QB Chronicles: Danny Clark brings humbling experiences, perspective to Vanderbilt
After winning two state championships in Ohio, Danny Clark seemed poised to take the SEC by storm with Kentucky. Things didn’t work out in Lexington, but following his season with junior college Copiah-Lincoln (MS), Clark returns to the SEC with a fresh perspective and ready-for-anything attitude.
September 9, 2020
This story is part of a four-part series in which The Vanderbilt Hustler profiles each of the potential candidates for Vanderbilt football’s starting quarterback job. The quarterback competition features two junior college transfers, Jeremy Moussa and Danny Clark, and two true freshmen, Ken Seals and Mike Wright.
Growing up in Columbus, Ohio, nearly everyone is an Ohio State Buckeyes fan. Every local child’s dream is to don the scarlet and gray and play in front of over 100,000 fans in the Horseshoe on Saturdays. And Vanderbilt quarterback Danny Clark was no different. In a move that felt like destiny, Clark, a native of Columbus, committed to Urban Meyer and the Buckeyes after just his freshman year of high school in 2013.
“Being an Ohio kid, growing up in Columbus, Ohio, which is the birthplace of the Buckeyes, growing up a Buckeye fan, I was dead set on going to Ohio State,” Clark told The Hustler.
As a three-star recruit out of Archbishop Hoban High School in Akron, Ohio, Clark’s future seemed to be set. He would soon be under the tutelage of one of the best football coaches in the country, while representing his hometown university. But as his senior year began, and his opportunity for playing time with the Buckeyes became questionable, he was forced to make his first of three significant football decisions.
“Before I make any decision, I always consult with my dad because he is my biggest fan and he has never led me astray,” Clark said. “Ultimately, I had to take the emotions out of it and think of it more as a business decision.”
Clark made the difficult decision to decommit from Ohio State and instead head to Lexington, Kentucky to play in the Southeastern Conference (SEC) for the University of Kentucky. He redshirted his first season and appeared in two games his redshirt freshman year, scoring one touchdown for the Wildcats. Then came decision number two.
Hoping to find somewhere that better fit his playstyle, Clark transferred once again, this time, to junior college. As football season began in the fall of 2019, Clark was not in Columbus or Lexington; instead, he was in the small town of Wesson, Mississippi, playing for Coach Glenn Davis and the Copiah-Lincoln Community College Wolves.
“While I was there I met a really great group of guys,” Clark said. “And I got to play for a coach who has been doing it forever. Coach Glenn Davis was my head coach there. He’s coached at Mississippi State and been in college football forever.”
Famous for knocking off East Mississippi Community College in Season One of Netflix’s junior college football documentary show, Last Chance U, Co-Lin boasts five current NFL players and is just one of many successful Mississippi JUCO football programs. For Clark, it was a humbling experience, albeit a pit stop on his way back to the SEC.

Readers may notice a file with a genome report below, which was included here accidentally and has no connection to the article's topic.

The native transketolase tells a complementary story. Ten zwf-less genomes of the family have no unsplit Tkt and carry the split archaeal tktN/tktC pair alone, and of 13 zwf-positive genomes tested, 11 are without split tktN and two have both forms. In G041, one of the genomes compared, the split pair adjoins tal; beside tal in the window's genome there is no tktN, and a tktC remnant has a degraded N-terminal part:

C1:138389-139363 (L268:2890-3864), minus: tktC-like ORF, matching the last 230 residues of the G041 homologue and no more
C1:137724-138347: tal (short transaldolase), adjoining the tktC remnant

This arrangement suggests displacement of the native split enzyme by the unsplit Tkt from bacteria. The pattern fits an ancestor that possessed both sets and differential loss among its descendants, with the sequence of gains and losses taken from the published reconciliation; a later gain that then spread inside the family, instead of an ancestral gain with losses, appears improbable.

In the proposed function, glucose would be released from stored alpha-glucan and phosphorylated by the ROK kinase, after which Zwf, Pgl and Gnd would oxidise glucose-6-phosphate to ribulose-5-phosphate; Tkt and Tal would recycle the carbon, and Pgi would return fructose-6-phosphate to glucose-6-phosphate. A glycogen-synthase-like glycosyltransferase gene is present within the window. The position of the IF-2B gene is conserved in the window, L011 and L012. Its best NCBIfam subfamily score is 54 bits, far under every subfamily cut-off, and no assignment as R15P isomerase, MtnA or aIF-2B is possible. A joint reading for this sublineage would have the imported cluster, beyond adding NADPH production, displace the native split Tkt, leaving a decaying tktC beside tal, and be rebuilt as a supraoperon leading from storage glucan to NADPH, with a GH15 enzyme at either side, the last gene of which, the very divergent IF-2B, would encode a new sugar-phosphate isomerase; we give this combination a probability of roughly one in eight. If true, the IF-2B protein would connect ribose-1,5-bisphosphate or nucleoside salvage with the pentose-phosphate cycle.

“One of the biggest things that I took away from JUCO is really that you never know what is going to happen,” Clark said. “Leaving Co-Lin and coming back to the SEC and being back at a bigtime program, I look at each day differently.”
Clark was given this second chance in the SEC in part due to his superb JUCO campaign. He played nine games for Co-Lin last season, throwing for 2,166 yards and 18 touchdowns, while capping his season with a Conference Player of the Week award thanks to his 312 yards and five touchdowns in Co-Lin’s season finale.
But the real value in Clark’s one year with Co-Lin was not the touchdowns he threw or the accolades that he accumulated. Rather, it was the perspective that came with the junior college experience.
As a sought-after high school prospect, a two-time Ohio high school football state champion, and a former SEC quarterback, Clark spent years in the bright lights of big-time American football. But once he stepped foot in Wesson, Mississippi, population 1,800, his mindset was forever changed.
“At Kentucky, coming off of winning two state championships, things had always kind of gone my way,” Clark said. “And then when I had to take a slight detour to JUCO to get where I want to be, once I made it back out to an amazing school like Vanderbilt, I looked at things differently.”
Many junior college transfers have eye-opening, cliché stories about their time playing JUCO football. You can find those in Last Chance U. For Clark, it was not some crazy story about a coach or opponent that defined his JUCO experience. Rather, it was a simple anecdote about a teammate’s sacrifice that came to his mind as he reflected on his season with Co-Lin.